The Waldorf Astoria Amsterdam opened. Located in a neighborhood in the UNESCO area of Herengracht, Waldorf Astoria Amsterdam is comprised of six historic town houses, numbers 542 to 556, each with its own tale dating back to the 17th and 18th century.
Waldorf Astoria Hotels & Resorts partnered with G A Design International to create a single design vision for the property. Through that vision, guests can experience the property's heritage and surroundings through a contemporary setting. The hotel's design links to Waldorf Astoria brand elements now seen in more than 25 hotels and resorts around the world, from Shanghai to Panama.
The interiors of the hotel reference Dutch canal waters and famous Dutch paintings, and framed views of the canals and gardens are on display. The atmosphere pays homage to the history of the original buildings with modern accents.
According to Chris Webb, senior director for interior design of Hilton Worldwide, the design approach was to create a classic timeless interior with strong reference to location, brand and the trading history of the city. Finishes, design details, textures and products relate directly to the story of Amsterdam during its Golden Age. The six grand merchant's houses that the hotel comprises are a reflection of this period. Waldorf Astoria Amsterdam is one of the few properties in the city with views out on to a canal and manicured private gardens.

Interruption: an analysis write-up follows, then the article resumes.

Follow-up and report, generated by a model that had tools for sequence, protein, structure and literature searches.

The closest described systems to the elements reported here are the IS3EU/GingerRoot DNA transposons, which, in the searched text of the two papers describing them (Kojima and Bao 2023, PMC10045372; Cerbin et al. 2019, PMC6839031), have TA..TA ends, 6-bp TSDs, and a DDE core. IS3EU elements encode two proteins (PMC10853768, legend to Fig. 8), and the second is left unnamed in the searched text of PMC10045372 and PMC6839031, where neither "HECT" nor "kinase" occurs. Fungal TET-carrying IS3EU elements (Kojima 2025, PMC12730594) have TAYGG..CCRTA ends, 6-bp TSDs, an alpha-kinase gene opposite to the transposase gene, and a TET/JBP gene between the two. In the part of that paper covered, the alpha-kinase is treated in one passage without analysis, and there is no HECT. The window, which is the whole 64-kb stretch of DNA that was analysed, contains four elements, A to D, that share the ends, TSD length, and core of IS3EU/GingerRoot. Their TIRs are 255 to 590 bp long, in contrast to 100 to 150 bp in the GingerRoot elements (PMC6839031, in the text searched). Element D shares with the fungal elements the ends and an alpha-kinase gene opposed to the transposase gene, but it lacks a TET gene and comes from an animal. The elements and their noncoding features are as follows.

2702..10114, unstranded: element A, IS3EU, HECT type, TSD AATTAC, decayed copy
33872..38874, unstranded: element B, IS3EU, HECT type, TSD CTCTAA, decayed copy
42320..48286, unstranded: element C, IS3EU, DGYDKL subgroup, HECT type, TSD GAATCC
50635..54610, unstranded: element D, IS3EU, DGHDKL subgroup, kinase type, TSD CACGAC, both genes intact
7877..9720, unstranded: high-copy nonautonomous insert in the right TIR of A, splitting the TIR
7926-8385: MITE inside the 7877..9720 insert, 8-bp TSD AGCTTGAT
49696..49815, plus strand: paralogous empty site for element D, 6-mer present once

First constructed in the 1600s, the buildings have been home to various residents, including the Mayor of Amsterdam at No.548 and Dutch historical figure Hendrick Hooft in No. 556. No's 550 and 552 now contain an example of Rococo interiors, some of which are attributed to artist Jacob Maurer (the Italian room). The exterior of the six canal side patrician houses has been completely restored and these buildings were unveiled as the classic, Waldorf Astoria Amsterdam.
On the approach to the hotel, guests are greeted with the “Five Window” design, a sign of wealth and affluence during the 17th century. A grand staircase leads to the arrival lobby which retains much of its period detailing, including frontage and sweeping staircase that leads to the Bel Etage, the first floor level of the hotel.
Each of the 93 guestrooms and suites are graced with their own individual character, decorated in soft furnishing with accents of lapis lazuli and stronger ochre colors referencing Holland's own Vermeer, whose paintings include “The Girl With A Pearl Earring”. Natural light is maximized through floor to ceiling windows framed by drapery. Fabrics, soft textures and upholstery and luxurious bed linen balanced with furniture that creates a residential feel.
The dining facilities at Waldorf Astoria Amsterdam include a gastronomic restaurant alongside signature bar Peacock Alley, Vault Bar and The Maurer Room, plus exclusive banqueting facilities. Peacock Alley on the Bel Etage has an elegant lounge and dining area with flowing drapery, hand blown glass and classic furniture. Through the detailed columns of the Bel Etage, a Waldorf Armillary Sphere takes center stage in the room, in reference to the property's links to sail, trade and time.
The Vault Bar has jewel-like colors, and is flooded with natural light making style references with the gentle sloping of the furniture to the curving roofs of the exterior buildings.
The boutique three-treatment room Guerlain Spa is located in the garden level of one of the oldest parts of the building. It is a European style natural sanctuary designed in muted grey and earthy tones with warm influences of lavender and honey, linking to the beehives at the hotel. The spa also features a heated indoor pool and sauna.